According India’s National Action Plan on Climate Change (NAPCC) of 2008, in the course of the 20th century, the average temperature in the country increased by 0.6°C. Rainfall is becoming scarce but intense, increasingly affecting the use of natural resources and agricultural productivity. In addition, almost 60% of agriculture in India is rain-fed and the majority of farmers are small and marginal, especially vulnerable to the impacts of climate change. NAPCC combines existing national plans on water, renewable energy, energy efficiency, agriculture and others, bundled with additional ones, into a set of eight missions, one of which is especially relevant for the project: the National Mission for Sustainable Agriculture (NMSA). The NMSA seeks to devise appropriate adaptation and mitigation strategies in the agriculture sector in the context of risks associated with climate change. It promotes improved access to climate-relevant information and advice, and pursues a strategy for adapting agriculture to climate change. The core problem for building the capacity for climate changes adaptation is the lack of network to provide effective and timely updated information for farmers as well as policy makers and service providers at different levels (village, district, state and national level).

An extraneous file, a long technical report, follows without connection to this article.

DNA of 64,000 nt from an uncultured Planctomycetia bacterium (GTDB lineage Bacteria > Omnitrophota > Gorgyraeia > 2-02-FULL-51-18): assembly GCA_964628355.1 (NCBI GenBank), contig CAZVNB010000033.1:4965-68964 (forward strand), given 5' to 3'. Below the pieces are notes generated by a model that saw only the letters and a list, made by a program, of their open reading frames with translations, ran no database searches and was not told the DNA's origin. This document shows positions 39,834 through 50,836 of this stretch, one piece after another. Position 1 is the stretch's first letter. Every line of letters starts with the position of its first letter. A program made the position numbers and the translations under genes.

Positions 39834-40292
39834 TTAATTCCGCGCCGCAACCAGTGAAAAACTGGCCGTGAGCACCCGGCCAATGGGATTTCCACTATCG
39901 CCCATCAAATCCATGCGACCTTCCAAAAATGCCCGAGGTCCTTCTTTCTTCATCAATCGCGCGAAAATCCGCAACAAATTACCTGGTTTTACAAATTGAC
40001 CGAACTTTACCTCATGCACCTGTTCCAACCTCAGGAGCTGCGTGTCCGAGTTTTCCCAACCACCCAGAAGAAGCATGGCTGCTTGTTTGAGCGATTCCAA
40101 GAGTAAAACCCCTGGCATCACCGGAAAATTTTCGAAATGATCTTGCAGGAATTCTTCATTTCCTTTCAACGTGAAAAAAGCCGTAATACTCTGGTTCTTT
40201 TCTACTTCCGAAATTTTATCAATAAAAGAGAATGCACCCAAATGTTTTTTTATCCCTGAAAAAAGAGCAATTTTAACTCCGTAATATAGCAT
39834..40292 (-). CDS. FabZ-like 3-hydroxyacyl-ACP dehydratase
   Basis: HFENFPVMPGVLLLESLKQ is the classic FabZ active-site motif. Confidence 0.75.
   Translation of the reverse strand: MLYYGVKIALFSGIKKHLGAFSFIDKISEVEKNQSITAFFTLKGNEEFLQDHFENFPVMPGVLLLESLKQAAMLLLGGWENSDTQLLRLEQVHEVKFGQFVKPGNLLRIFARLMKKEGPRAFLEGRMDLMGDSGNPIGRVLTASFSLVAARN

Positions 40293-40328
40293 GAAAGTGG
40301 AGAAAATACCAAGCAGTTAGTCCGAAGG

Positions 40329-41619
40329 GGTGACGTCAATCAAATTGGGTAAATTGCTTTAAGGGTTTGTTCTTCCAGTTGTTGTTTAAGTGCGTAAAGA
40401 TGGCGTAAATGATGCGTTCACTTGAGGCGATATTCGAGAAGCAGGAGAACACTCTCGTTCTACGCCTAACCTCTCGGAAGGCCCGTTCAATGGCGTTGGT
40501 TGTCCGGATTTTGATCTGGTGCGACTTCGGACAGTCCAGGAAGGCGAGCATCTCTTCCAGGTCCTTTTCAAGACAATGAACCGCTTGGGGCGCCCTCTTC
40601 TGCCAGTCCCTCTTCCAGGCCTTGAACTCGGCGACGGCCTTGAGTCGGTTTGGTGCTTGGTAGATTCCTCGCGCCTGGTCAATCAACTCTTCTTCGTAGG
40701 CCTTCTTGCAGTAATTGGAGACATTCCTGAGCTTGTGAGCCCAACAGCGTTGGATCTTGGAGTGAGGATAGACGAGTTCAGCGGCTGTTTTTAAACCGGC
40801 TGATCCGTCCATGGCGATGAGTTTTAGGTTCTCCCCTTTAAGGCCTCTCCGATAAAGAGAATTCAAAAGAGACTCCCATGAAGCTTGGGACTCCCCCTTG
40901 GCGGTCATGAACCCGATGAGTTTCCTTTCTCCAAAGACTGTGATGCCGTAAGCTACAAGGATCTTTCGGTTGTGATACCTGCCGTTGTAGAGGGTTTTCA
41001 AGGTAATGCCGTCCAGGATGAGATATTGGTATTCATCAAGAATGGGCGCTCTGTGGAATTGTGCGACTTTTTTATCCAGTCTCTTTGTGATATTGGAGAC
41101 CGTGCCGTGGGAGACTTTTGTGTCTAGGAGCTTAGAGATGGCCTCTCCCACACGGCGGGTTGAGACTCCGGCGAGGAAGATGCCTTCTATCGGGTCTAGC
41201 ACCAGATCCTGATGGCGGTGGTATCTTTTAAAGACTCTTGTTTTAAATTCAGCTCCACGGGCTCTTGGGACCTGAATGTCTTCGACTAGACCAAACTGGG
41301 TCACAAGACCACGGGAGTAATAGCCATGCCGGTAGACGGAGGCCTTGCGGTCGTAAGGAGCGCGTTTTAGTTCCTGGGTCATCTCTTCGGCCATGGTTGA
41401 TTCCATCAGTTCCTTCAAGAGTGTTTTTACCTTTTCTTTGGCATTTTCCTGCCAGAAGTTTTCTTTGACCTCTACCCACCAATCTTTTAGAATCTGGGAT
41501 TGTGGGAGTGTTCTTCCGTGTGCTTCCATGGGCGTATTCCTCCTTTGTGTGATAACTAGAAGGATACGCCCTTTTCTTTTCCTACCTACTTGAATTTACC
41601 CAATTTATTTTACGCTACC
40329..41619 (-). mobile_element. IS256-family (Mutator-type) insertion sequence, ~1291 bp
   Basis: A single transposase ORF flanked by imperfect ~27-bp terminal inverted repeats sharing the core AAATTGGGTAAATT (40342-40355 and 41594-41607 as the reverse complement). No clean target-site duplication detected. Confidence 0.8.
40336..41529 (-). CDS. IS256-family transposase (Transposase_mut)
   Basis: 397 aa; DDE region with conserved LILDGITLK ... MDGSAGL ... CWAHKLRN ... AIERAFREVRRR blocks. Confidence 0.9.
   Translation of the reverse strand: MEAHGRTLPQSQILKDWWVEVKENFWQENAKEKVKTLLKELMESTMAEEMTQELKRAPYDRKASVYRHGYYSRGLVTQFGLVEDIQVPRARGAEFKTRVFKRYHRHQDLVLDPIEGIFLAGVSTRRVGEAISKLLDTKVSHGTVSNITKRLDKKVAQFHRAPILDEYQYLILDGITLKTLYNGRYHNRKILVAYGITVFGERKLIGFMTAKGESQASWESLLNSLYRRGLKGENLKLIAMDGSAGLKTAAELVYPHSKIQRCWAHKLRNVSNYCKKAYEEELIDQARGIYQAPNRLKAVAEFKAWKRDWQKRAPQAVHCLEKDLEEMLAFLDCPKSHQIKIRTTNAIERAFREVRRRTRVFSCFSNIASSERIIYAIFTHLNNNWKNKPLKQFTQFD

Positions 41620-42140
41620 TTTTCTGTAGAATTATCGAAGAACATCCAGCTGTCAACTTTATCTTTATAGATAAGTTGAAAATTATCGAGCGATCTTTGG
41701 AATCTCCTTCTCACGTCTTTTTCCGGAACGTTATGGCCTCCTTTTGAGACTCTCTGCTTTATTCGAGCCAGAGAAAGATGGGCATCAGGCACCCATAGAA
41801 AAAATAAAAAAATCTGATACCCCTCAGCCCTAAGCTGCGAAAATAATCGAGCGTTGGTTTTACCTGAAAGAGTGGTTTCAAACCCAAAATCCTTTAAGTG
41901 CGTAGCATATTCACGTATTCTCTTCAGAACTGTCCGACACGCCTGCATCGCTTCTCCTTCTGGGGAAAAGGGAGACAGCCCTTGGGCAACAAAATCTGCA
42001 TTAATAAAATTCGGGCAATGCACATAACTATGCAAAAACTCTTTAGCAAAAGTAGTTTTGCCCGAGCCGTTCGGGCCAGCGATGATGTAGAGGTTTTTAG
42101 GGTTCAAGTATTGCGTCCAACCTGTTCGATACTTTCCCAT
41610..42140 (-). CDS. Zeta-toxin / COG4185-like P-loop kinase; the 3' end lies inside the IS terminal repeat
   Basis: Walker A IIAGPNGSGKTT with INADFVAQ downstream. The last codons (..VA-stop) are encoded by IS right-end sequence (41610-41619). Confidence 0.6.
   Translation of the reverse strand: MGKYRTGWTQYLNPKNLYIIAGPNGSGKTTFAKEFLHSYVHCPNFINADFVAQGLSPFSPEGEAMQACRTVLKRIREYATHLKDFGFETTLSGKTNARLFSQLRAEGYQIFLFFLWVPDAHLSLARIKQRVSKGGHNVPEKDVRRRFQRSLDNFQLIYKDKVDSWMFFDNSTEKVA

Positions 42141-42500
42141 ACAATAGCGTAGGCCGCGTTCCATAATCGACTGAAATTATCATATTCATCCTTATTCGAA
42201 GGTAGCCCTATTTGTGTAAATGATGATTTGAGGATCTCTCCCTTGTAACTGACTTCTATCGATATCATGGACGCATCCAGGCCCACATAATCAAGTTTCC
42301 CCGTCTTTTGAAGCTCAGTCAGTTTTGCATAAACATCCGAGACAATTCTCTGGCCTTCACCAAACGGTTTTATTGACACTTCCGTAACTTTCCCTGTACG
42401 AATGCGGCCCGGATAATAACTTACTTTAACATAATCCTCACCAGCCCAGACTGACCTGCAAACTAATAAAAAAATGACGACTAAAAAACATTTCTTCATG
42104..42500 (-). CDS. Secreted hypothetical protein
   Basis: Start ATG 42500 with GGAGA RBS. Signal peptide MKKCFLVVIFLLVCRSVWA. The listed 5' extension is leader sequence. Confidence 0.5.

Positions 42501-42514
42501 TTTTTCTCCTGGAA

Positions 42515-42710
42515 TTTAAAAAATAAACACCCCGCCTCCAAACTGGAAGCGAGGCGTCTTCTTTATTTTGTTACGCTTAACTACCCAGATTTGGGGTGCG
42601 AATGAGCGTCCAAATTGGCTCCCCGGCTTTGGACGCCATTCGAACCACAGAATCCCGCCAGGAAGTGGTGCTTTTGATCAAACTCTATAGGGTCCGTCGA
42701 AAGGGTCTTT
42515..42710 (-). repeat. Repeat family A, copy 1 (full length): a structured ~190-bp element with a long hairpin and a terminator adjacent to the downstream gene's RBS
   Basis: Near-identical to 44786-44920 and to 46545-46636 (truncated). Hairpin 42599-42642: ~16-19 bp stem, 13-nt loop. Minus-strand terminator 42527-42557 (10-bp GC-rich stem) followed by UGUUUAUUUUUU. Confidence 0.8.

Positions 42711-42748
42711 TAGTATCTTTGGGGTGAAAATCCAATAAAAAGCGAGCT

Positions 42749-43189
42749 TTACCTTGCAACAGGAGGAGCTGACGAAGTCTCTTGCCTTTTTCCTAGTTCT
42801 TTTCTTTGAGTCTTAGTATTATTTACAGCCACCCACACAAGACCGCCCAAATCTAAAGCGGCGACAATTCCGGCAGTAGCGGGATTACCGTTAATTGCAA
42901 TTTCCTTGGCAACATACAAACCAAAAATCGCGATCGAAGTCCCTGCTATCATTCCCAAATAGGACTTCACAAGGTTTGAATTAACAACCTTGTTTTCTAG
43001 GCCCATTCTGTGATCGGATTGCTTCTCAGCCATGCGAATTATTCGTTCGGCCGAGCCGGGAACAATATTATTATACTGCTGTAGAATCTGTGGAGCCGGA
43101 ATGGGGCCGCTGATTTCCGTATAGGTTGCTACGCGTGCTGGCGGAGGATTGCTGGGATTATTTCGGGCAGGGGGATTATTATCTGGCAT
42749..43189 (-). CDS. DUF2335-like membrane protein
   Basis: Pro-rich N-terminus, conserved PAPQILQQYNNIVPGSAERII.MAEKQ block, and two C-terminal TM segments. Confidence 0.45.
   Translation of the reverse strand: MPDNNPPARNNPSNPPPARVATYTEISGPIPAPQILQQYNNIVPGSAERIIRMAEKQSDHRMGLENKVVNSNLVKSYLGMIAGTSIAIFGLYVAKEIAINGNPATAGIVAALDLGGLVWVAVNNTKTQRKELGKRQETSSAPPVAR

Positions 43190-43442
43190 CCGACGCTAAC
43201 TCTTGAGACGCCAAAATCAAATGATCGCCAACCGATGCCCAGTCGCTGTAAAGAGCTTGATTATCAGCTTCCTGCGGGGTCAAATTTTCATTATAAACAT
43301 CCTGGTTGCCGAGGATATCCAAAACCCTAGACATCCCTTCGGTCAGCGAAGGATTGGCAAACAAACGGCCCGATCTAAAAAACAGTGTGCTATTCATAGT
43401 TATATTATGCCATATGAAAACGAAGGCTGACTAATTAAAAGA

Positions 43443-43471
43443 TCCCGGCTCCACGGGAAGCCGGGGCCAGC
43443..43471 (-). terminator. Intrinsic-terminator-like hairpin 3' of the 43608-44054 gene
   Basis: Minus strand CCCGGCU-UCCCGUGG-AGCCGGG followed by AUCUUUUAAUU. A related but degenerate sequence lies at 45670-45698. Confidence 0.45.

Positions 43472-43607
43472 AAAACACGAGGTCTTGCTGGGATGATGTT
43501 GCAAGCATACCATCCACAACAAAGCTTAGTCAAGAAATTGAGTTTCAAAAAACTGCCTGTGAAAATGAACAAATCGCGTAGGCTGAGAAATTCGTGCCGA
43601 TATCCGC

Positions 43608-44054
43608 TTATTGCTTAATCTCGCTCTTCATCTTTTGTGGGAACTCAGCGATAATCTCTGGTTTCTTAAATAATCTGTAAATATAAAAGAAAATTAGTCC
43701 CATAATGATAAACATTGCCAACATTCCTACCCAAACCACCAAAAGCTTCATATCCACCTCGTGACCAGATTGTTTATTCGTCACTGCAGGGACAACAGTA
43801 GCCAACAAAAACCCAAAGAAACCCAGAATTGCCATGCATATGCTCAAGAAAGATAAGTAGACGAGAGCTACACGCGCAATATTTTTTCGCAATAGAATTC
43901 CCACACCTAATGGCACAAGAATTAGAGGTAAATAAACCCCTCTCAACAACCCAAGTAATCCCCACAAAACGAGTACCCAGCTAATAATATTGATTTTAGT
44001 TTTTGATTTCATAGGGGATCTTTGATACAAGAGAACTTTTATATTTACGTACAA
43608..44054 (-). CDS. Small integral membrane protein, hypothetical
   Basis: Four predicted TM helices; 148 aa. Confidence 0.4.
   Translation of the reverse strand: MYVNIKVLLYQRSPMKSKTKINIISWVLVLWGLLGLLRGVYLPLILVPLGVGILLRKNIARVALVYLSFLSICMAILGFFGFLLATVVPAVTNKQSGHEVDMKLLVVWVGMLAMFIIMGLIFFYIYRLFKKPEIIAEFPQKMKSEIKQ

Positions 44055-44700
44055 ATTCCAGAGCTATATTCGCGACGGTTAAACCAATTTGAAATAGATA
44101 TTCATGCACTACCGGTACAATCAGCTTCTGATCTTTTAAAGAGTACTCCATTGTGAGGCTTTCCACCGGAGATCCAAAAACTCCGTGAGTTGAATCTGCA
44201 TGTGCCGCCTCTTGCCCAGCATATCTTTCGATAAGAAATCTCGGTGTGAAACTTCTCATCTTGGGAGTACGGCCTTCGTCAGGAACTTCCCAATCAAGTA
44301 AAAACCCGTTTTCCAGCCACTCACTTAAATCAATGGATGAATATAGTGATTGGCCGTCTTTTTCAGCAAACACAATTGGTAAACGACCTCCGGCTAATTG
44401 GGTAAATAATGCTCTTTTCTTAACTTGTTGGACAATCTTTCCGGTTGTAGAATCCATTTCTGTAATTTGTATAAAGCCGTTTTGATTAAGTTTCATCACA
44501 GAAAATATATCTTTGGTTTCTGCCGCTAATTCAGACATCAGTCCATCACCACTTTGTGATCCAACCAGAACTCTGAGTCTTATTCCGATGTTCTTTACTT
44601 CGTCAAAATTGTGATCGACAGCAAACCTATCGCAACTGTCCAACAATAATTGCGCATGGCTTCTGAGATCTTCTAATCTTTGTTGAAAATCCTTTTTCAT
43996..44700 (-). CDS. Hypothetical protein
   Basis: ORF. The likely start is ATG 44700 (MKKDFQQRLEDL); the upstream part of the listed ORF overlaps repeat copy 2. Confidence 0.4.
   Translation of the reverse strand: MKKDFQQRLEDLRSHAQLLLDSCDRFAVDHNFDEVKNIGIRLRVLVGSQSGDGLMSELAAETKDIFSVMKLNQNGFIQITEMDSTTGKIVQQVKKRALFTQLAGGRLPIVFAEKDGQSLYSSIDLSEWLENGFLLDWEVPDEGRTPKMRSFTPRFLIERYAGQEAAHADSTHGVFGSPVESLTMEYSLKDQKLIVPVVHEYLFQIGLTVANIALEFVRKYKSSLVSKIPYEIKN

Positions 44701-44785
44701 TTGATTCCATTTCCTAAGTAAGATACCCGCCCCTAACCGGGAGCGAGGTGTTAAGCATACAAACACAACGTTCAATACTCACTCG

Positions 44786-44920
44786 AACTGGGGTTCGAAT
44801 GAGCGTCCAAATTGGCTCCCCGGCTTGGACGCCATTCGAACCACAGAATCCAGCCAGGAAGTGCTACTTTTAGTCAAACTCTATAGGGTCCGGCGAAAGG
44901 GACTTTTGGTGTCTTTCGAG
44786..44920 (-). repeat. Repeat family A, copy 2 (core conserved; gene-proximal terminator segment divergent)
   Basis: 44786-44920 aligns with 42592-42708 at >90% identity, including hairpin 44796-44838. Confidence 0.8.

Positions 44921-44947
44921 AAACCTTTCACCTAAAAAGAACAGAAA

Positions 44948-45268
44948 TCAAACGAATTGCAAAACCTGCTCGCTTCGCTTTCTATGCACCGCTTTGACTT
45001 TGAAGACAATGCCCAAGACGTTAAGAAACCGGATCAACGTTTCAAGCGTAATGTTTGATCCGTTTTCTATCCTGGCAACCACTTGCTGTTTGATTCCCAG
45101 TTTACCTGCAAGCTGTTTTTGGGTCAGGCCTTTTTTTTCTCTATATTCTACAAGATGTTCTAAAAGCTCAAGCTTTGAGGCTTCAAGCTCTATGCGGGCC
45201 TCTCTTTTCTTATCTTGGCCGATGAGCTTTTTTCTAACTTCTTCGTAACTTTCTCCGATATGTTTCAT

The Climate Change Knowledge Network in Indian Agriculture (CCKN-IA) was created in the Indian states of Jharkhand, Odisha and Maharashtra under the project run from 2013 to 2017 with the objective to support relevant actors in agriculture at national, state and district level increasingly use information provided by the climate change knowledge network.
The project’s target group is defined as small-scale farmers (men and women) threatened by climate change in the three selected states. Jharkhand, Odisha and Maharashtra are characterized by differing socio-economic development and exposure to the effects of climate change. The project works in three states, six districts and twelve blocks.